How to Prevent Acne & Pimples in 5 Easy Steps

Acne sucks. We all know what it feels like to break out with a chin full of zits before a big meeting or a fun night out. Goodbye, confidence, hello self-consciousness! Luckily, with the right self-care routine, most breakouts can be prevented. Here are our top five tips for preventing pimples (in order of importance):

  • First and foremost, you need to apply a leave-on acne treatment product once or twice daily. Leave on treatment products include serums, creams, sprays, and medicated pads. Effective acne-fighting ingredients include salicylic acid, glycolic acid, mandelic acid, retinoids, and benzoyl peroxide. Experiment to see which product or combination of products works best for your skin. It’s critically important that you apply the treatment product to the entire area where you get breakouts, not just to active pimples. For example, if you tend to get acne on your face, chin, and neck, then make sure to spread a thin, even layer of the product all over all of these areas even if there are no current breakouts. The biggest mistake that people make is to only spot treat active blemishes. This doesn’t work because spot treating doesn’t prevent new breakouts from forming. With regular application of an acne treatment product over the entire problem area, you can actually stop new pimples from forming.
  • Use a gentle cleanser twice daily. Notice that the cleanser is the second most important tip, not the first. Many people believe that they can get clear skin using only a cleanser, but I’m here to tell you that’s not possible. Cleansers are quickly washed off of the skin, leaving little time for active ingredients to be absorbed. But even though cleansing isn’t number one on the list, it’s still very important. Washing your skin removes dirt, oil, makeup, bacteria, and other pollutants that clog pores. Make sure to use a gentle cleanser because leave-on acne treatment products can be drying. Further drying and irritating the skin with a harsh cleanser does nothing to clear the skin and can even be counterproductive, so look for a wash that’s gentle and non-irritating.
  • Don’t scrub too hard! Exfoliating the skin is important for stopping pimples, but the best way to do this is with a leave-on acne treatment product that acts as a chemical exfoliant (see tip #1). Exfoliating products such as those listed in tip #1 bust apart oil and dead skin cells, allowing for this grime to exit the pores and be washed away from the surface of the skin. Physically exfoliating the skin (ie harsh scrubbing of the skin with a loofah, brush, or abrasive scrub) is bad news for zits. When you scrub too hard, you inflame blemishes, cause them to get redder and more irritated, and spread breakout-causing bacteria between the pores. Instead, use a soft washcloth and scrub softly in circular motions, and never use abrasive scrubs on acne-prone skin. Aaahhh, much better!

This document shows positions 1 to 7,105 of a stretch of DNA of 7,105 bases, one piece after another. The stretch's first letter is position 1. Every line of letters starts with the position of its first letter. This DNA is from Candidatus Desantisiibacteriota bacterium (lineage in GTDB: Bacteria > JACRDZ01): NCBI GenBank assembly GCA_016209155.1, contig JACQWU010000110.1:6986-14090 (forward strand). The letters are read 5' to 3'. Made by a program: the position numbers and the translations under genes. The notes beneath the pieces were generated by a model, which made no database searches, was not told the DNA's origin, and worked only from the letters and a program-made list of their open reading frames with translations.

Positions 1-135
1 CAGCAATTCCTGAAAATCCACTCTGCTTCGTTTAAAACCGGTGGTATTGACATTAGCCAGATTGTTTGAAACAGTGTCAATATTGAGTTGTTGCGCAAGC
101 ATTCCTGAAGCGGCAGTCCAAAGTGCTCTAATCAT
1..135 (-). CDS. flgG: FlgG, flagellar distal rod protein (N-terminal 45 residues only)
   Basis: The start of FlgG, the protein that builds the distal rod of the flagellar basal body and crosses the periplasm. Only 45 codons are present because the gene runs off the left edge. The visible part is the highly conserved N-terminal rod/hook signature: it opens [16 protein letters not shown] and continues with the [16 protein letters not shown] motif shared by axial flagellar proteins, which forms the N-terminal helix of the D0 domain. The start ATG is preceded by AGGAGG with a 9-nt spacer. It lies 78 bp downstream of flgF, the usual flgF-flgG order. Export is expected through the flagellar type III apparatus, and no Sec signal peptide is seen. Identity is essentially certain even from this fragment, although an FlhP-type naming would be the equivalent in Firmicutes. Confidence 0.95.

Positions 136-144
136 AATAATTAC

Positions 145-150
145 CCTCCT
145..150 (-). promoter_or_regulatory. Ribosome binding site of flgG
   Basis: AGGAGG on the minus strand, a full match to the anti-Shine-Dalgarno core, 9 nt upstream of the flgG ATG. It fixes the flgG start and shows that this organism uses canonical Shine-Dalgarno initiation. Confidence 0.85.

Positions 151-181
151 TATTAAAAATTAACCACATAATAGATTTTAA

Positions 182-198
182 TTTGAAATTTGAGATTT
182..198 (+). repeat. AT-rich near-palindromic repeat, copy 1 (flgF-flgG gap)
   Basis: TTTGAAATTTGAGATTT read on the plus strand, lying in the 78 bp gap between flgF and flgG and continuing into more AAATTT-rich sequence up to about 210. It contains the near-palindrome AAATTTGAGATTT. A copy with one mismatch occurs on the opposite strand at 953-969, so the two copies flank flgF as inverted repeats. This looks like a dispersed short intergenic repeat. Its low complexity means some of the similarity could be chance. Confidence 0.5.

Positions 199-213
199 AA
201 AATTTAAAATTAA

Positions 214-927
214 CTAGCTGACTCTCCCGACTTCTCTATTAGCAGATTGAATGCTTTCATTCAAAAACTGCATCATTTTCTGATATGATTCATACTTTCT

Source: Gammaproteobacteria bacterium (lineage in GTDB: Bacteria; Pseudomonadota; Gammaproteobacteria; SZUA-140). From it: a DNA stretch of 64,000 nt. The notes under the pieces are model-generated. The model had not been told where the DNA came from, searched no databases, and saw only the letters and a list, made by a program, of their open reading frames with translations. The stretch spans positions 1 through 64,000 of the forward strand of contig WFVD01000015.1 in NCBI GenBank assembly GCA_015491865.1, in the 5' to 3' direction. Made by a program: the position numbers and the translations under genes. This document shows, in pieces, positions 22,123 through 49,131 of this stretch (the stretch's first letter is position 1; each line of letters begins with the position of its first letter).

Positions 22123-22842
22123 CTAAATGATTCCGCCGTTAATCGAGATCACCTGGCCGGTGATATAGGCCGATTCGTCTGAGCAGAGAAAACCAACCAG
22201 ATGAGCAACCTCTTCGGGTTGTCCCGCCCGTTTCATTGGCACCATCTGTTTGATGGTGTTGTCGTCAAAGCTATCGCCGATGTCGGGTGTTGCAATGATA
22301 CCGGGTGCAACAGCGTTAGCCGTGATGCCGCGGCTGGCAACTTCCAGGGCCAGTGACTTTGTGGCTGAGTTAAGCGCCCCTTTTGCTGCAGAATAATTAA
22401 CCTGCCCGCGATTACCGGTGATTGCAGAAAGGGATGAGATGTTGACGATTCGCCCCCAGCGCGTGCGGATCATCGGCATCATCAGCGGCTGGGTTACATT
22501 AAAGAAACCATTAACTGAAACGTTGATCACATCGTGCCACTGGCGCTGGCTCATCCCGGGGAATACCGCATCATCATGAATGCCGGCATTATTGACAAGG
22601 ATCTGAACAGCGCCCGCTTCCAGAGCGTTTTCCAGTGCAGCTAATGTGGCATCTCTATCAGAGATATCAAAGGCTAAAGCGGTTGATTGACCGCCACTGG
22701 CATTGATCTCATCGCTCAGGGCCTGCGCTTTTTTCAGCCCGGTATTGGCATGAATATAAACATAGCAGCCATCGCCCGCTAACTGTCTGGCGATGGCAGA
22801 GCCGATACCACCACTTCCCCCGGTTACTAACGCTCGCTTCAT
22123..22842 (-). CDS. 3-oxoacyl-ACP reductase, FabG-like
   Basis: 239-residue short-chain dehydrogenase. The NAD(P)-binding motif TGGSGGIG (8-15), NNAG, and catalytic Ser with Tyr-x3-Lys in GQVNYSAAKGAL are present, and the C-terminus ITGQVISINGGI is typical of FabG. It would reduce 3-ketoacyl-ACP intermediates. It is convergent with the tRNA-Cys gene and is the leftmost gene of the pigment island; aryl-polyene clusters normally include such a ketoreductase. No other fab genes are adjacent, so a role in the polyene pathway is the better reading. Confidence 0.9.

• Avoid heavy makeup and cosmetics with pore-clogging ingredients. Makeup and acne can form a vicious cycle. You feel self-conscious about your skin so you cover your blemishes with makeup, but then the makeup leads to more pimples, so you put on more makeup… and next thing you know, you’re applying a mask of foundation to cover your zits every day. Whenever possible, ditch the makeup and let your skin breath. When you need to wear foundation, be absolutely certain that it’s specially designed for people with acne-prone skin. The foundation should be water-based (as opposed to oil-based) and it’s even better if it contains salicylic acid to help fight breakouts during the day.
  • Reduce stress when possible. I used to be a teacher. Every year, like clockwork, my skin would erupt with blemishes before the first day of school. Why? Because of stress, of course! People with acne-prone skin are very likely to get new pimples during times of stress. This happens because stress activates the adrenal glands, causing them to produce extra hormones, including testosterone. An elevation in hormones will cause the skin to breakout, particularly for females, as their bodies are less accustomed to processing high levels of testosterone. Stress also slows down the healing process and causes the immune system to get out of whack, which will delay the healing of existing blemishes. To better deal with stress, adopt a meditation and breathing practice or get regular exercise. Less stress will lead to clearer skin and even more importantly, a happier, more balanced life.

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